- Sleep-deprivation related incidents can result in a loss in productivity in the workforce and increased medical expenses, leaving a mark on the economy
- The CDC encourages health care providers to promote healthy sleep regimens to patients and to assess the causes of sleep deprivation.
Drowsy drivers are two times more likely to make errors when operating a motor vehicle.6
- The National Highway Traffic Safety Administration, or NHTSA, notes that sleep-related crashes are not only due to falling asleep at the wheel, but also due to drowsiness. Drowsiness causes crashes because a lack of sleep impairs alertness, attention, reaction time, judgement and decision-making.
- New Jersey and Arkansas have drowsy driving laws under which drivers can be charged with vehicular homicide or negligent homicide, respectively, if their sleep deprivation causes a crash fatality. A pending New York bill includes a vehicular homicide offense for fatalities caused by drowsy driving as well as a misdemeanor offense for driving while drowsy.7
- NHTSA reports that there were 846 fatalities caused by drowsy driving in 2014.8
- Between 2005 and 2009, NHSTA estimates that there were 83,000 crashes related to drowsy driving annually, including an average of nearly 886 fatal crashes.9
- The AAA Foundation for Traffic Safety reports that 7 percent of all crashes and 16.7 percent of all fatal crashes are caused by drowsy-driving.10
In addition to varying across geographic locations, the average hours of sleep Americans get each night also vary across racial and ethnic groups, age groups, employment statuses, levels of educational attainment, and relationship statuses.11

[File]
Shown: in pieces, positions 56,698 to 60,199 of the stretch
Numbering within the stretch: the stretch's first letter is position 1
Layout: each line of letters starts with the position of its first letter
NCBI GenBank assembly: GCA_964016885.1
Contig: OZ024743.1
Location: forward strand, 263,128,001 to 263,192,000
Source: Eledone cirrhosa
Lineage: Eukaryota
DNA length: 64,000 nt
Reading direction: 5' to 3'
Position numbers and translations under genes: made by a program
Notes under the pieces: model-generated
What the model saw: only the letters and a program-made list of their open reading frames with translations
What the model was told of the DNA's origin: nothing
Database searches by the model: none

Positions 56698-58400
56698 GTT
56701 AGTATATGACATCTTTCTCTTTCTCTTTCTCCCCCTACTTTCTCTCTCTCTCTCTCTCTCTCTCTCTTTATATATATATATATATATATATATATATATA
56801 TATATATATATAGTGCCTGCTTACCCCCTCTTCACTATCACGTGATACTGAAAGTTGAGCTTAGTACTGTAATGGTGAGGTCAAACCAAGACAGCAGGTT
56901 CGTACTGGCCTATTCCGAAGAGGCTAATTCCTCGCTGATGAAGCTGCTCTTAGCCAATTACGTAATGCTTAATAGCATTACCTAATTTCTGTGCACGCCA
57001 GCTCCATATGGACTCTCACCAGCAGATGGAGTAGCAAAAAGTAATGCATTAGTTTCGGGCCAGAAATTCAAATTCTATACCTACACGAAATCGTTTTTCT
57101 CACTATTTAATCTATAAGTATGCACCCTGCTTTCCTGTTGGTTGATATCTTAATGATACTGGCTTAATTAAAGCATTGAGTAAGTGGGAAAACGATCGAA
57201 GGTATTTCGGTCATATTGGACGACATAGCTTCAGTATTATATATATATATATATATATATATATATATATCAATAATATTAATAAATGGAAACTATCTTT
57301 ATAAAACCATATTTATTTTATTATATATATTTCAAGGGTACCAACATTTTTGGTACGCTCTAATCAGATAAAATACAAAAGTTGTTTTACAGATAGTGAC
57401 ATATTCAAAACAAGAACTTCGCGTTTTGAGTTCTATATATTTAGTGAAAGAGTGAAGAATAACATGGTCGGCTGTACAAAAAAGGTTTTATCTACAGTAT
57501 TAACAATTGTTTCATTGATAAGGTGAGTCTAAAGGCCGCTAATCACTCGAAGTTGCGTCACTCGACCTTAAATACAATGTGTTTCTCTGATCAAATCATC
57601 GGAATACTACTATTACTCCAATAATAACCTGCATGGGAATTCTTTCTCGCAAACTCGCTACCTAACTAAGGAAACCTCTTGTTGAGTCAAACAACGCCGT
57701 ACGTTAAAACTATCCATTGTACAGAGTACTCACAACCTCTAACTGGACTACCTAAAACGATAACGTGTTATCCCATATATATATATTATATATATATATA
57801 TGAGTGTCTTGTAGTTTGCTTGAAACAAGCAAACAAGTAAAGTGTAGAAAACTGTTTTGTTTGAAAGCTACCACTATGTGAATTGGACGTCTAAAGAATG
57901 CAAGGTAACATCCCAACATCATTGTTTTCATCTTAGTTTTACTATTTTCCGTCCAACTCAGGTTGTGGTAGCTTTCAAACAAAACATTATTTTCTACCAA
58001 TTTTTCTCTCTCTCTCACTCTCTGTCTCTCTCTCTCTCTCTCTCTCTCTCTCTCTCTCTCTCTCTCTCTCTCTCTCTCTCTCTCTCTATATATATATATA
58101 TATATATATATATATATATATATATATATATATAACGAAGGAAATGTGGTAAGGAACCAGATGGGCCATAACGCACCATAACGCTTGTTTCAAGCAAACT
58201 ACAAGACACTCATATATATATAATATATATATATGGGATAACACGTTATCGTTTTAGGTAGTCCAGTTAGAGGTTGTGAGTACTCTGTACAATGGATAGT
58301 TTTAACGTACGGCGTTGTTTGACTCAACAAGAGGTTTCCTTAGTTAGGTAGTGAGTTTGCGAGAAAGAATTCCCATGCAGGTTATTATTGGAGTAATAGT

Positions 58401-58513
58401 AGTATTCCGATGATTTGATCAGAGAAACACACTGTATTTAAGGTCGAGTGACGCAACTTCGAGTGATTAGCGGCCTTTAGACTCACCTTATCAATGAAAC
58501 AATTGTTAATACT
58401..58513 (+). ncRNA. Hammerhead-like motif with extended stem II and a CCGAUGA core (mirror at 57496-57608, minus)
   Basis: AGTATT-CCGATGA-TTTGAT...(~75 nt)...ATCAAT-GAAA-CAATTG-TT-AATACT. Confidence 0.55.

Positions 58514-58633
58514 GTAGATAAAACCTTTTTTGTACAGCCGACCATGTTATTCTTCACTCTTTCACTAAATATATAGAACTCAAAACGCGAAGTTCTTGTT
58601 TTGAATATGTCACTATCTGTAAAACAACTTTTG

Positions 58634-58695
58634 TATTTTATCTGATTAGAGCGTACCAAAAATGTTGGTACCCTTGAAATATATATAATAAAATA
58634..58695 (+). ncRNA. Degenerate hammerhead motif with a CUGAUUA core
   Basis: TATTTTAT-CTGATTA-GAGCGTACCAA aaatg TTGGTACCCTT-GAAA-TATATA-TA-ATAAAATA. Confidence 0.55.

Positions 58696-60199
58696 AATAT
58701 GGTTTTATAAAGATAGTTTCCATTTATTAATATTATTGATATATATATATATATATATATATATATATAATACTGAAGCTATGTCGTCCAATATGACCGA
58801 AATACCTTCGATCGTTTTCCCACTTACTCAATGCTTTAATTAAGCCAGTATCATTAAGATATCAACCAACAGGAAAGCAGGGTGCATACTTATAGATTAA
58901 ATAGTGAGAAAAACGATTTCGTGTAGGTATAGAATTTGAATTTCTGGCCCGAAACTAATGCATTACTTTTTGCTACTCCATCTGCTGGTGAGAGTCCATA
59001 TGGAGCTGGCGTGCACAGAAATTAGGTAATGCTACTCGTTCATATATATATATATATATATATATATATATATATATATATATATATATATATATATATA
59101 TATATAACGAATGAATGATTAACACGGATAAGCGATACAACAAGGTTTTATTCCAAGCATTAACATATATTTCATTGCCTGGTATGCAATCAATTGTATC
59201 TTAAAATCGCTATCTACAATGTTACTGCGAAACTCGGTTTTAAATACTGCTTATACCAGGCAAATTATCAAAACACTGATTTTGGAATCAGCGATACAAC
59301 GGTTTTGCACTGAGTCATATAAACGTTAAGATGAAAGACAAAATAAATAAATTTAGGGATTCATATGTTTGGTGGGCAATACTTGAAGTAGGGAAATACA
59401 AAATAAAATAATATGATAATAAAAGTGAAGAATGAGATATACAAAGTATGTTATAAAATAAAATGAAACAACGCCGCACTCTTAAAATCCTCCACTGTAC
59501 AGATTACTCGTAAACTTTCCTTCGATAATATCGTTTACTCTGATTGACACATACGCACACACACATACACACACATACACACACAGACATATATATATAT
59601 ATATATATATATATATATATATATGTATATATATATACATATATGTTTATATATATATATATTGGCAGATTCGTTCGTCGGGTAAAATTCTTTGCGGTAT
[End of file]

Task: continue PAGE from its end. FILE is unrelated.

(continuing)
- Non-Hispanic blacks, American Indians/Alaska Natives, Native Hawaiians/Pacific Islanders and multiracial respondents on average sleep less than non-Hispanic whites, Hispanics and Asians.
- Of the respondents ages 65 years and older, 73.7 percent reported getting seven hours or more of sleep per night.
- Of those unable to work or who are unemployed, 51 percent and 60.2 percent, respectively, get the recommended amount of sleep per night. The employed population tends to get more rest, with 64.9 percent reporting getting the recommended amount of seven or more hours per night.
- Of those with a college education or higher, 71.5 percent report getting the recommended amount of sleep per night.
- Married people get more sleep than divorcees, widows, separated people or single individuals who have never been married. Of the married population, 67.4 percent get the recommended amount, compared to 55.7 percent of divorcees, widows and separated couples, and 62.3 percent of the single and never married population.
1 Liu, Yong, Wheaton, Anne G., Chapman, Daniel P., Cunningham Timothy J., Lu, Hua, Croft Janet B. “Prevalence of Healthy Sleep Duration among Adults—United States, 2014." MMWR Morbidity
and Mortality Weekly Report 2016; 65: 137-141.
6 National Highway Traffic Safety Administration. “Research on Drowsy Driving.”
7 National Conference of State Legislatures. “Summaries of Current Drowsy Driving Laws.” September 2015.
8 National Highway Traffic Safety Administration.
11 Liu, et al.